The Hadeda Hotline
 

News and updates from the Hadeda Ringing Project

10 October 2008
Issue # 3

Dear hadeda enthusiasts

Here is a brief update on our project. The hadeda breeding season is in full swing and we have climbed many more trees since the last newsletter. Our total of ringed hadeda nestlings is now at 128. If you look at a big flock of hadedas, you stand a chance of seeing more than one ringed bird at time now.

Jessie Blackshaw, Felicity Ellmore and Doug have all seen groups with two ringed hadedas on different occasions. We wonder whether those groups of hadedas constitute young birds that do not breed yet, since breeding birds surely spend most of the time near their nests at this time of the year. But this is pure speculation, of course. We need to make more resightings of ringed birds before we will know.


Photo: Res Altwegg
Gregory Duckworth (left) and Doug at a ringing station near a nest located in the Doordrift Greenbelt, Constantia. Gregory is a Zoology Honours student at the University of Cape Town who will be working on the Cape Town hadedas for his Masters thesis next year.
View from a hadeda nest. Chicks "JH" and "JI" soon after they were ringed and returned to the nest. This nest is located in Tanja Road, Constantia with the branch supporting the nest protruding right over the road.
Photo: Res Altwegg

Jessie Blackshaw has seen more ringed hadedas than anyone else. She has reported more than 50 resightings so far, of at least 12 different individuals. Thanks a lot, Jessie. We know how much work it is to get close enough to read these rings. Hopefully others will rise to the challenge...


Photo: Res Altwegg
Jessie Blackshaw holding chick "JF". This chick was one of three ringed from the Doordrift Greenbelt nest. Jessie monitored the chicks until they successfully fledged about two weeks after being ringed.

Doug and I reported on the hadeda project at an international scientific meeting recently: we gave a talk at the Pan-African Ornithological Congress in early September. At that meeting, we also met with Professor Colleen Downs from the University of KwaZulu-Natal and Dr Craig Symes from the University of Witwatersrand, who will start ringing hadedas in Pietermaritzburg and Johannesburg respectively.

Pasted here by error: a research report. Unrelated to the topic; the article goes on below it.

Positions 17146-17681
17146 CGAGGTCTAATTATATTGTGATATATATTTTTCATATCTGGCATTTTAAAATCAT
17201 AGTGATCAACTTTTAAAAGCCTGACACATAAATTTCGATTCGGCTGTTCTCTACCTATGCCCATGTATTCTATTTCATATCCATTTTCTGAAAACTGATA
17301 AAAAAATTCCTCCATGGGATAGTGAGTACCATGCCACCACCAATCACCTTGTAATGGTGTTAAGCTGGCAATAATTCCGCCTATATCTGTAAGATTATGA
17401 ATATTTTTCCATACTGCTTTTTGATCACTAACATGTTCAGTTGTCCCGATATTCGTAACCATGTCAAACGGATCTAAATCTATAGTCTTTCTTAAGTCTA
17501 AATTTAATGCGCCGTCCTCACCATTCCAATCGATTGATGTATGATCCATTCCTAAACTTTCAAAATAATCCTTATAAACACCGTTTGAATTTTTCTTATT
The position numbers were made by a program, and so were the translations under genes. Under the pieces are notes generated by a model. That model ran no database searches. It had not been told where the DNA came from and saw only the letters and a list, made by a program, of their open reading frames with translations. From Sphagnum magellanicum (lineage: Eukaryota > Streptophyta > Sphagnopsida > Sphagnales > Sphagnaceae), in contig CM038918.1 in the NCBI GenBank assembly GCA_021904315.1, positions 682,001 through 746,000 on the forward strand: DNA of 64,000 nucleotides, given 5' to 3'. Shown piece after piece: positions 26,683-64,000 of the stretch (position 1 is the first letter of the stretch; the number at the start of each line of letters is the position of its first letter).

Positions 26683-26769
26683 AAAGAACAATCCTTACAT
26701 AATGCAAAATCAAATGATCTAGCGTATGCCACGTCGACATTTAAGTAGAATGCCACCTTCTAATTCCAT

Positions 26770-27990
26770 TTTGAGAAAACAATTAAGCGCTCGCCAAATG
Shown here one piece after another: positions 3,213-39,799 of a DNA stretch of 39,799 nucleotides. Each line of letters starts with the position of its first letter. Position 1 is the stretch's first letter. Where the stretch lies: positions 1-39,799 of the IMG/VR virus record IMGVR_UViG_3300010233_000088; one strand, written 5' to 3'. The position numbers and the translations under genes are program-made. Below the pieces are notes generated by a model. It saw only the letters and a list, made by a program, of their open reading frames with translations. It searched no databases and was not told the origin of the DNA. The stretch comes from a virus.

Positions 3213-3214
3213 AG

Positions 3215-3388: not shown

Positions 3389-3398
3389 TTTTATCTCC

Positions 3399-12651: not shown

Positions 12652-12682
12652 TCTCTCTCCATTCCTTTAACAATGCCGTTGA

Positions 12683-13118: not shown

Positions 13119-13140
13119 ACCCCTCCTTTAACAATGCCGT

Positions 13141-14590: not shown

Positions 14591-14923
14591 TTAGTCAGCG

It will be very exciting for us to compare survival and reproduction in our relatively recently established hadeda population to areas where hadedas have been traditionally well established. We are very delighted about this new collaboration and broadened aspect of our study.

Craig Symes who is planning on carrying out similar work on hadedas in greater Johannesburg.

We are also planning a third hadeda census for the Cape Town metropole from 12-19 November. For those who recall we carried out our second count in April this year. The third census should help us get better estimates of the number of hadedas within greater Cape Town. Although we do have a group of regular counters, if you would like to get involved please contact Res or Doug and we will see where we can fit you in.

Finally, for those of you who know about hadeda nests, please make a special effort to check whether it is active at the moment. We would like to ring as many nestlings as possible before things quieten down as we head into the middle of summer.

Thank you all for your help and interest so far. Please keep reporting active hadeda nests, resightings of ringed individuals, or if you make any other interesting observations on hadedas.


Regards

Res Altwegg (Tel. 021 799 8809) and Doug Harebottle (Tel. 021 650 2330)

Project Coordinators

 

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